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Children Watch Animal Slaughtering on Eid, Is It OK?

Questioner

D

Reply Date

Aug 20, 2018

Question

Is it appropriate to make children watch the slaughtering of Al Uduheya in ‘Eid ul Adha? Or would it have negative psychological impacts on them? What is the right age for children to watch this?If it happened that children saw the scene of slaughtering the Uduheya and were frustrated, what can parents do to solve this?

Counselor

Answer


slaughtering

In this counseling answer:

•I would assess your child’s knowledge of Eid Al-Adha, experiences with hearing or glimpsing previous sacrifices as well as discussing with them how they may respond emotionally.

•This is also a good time to discuss the history and significance Eid-Al-Adha, and the importance of obedience to Allah SWT.

•You may also use this time to illustrate the kind treatment of animals (halal sacrifice), the importance of charity, as well as helping them develop a healthy understanding of the processes of life and death.


As-salamu alaykum,

Concerning children being present at the slaughtering of an animal for Eid-Al-Adha, it depends on the child, the family, and the community in which the child is being raised. In many western countries, children who live on farms and tend to the farm animals learn from a very early age on that this is the course of life. You raise animals and when the time comes, they are slaughtered for food.

In Islamic countries children have similar experiences as our Eid celebration is a festivity with which they grew up with and are accustomed to. While I am not an Islamic scholar, I cannot give you a set age, however from a psychological perspective, I would assess your child’s knowledge of Eid Al-Adha, experiences with hearing or glimpsing previous sacrifices as well as discussing with them how they may respond emotionally.

This is also a good time to discuss the history and significance Eid-Al-Adha, and the importance of obedience to Allah SWT. You may also use this time to illustrate kind treatment of animals (halal sacrifice) , the importance of charity, as well as helping them develop a healthy understanding of the processes of life and death. You may want to talk with the child about it insha’Allah and see how they feel. I would never force any child to watch the sacrifice, but would let the child decide.


Check out this counseling video


The child may want to watch for a few seconds and leave, that is fine. The child may need time to develop cognitive and emotional abilities to watch a sacrifice by taking small steps. Other children attend the sacrifice as a collective thus making the experience a group process in which a teacher or parents can discuss the event with the children as a whole. In this way, the children help each other develop a deeper understanding by sharing their feelings and perceived experiences of what is going to happened and after, what did happen.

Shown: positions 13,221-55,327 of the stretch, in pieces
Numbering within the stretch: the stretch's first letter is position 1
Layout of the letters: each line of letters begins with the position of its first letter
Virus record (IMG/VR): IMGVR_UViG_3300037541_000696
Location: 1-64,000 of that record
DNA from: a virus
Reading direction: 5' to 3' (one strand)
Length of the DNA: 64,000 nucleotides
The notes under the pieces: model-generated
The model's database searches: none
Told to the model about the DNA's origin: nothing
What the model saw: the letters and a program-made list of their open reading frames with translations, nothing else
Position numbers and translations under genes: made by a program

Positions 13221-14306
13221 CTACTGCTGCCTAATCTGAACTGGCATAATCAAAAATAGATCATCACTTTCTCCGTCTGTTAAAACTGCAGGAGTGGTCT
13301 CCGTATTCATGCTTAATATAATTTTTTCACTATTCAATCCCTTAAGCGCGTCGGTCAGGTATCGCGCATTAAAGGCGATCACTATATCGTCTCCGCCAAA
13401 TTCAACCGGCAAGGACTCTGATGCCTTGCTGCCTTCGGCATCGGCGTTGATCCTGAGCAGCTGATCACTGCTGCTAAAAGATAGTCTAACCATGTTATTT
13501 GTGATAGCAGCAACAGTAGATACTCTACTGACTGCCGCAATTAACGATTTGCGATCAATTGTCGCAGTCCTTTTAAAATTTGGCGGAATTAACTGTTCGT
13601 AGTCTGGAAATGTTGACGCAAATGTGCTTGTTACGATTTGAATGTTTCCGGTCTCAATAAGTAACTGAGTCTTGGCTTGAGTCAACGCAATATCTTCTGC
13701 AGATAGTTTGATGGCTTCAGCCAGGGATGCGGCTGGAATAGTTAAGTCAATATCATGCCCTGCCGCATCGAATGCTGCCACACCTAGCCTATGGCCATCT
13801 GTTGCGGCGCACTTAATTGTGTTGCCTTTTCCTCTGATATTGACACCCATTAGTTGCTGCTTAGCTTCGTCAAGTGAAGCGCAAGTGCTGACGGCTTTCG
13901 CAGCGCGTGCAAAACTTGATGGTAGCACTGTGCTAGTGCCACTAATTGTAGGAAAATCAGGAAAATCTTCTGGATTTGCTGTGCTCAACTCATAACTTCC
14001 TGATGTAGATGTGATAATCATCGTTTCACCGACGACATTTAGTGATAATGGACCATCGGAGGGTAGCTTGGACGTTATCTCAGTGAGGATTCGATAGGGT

If a child was previously traumatized by viewing a sacrifice, the child should have an opportunity to discuss what he or she perceived, how they felt, and Islamic support and understanding should be given. Children should never be forced, but should be taught at age appropriate levels, that this is a natural cycle of life and that sacrificing an animal for Edi Al-Adha is obedience to Allah SWT.

Salam,

***

Disclaimer: The conceptualization and recommendations stated in this response are very general and purely based on the limited information provided in the question. In no event shall AboutIslam, its counselors or employees be held liable for any damages that may arise from your decision in the use of our services.

Read more:

My Daughter is Scared of Eid al-Adha Slaughtering

`Eid Al-Adha: A Model for Sharing and Caring




About Aisha Mohammad

Aisha received her PhD in psychology in 2000 and an MS in public health in 2009. Aisha worked as a Counselor/Psychologist for 12 years for Geneva B. Scruggs Community Health Care Center in New York. Aisha specializes in trauma, depression, anxiety, substance abuse, marriage/relationships issues, as well as community-cultural dynamics. She is certified in Restorative Justice/ Healing Circles, Conflict Resolution, Mediation, and is also a certified Life Coach. Aisha works at a Family Resource Center, and has a part-time practice in which she integrates healing and spirituality using a holistic approach. Aisha plans to open a holistic care counseling center for Muslims and others in the New York area in the future, in sha' Allah. Aisha is also a part of several organizations that advocate for social & food justice. In her spare time she enjoys her family, martial arts classes, Islamic studies as well as working on her book and spoken word poetry projects.

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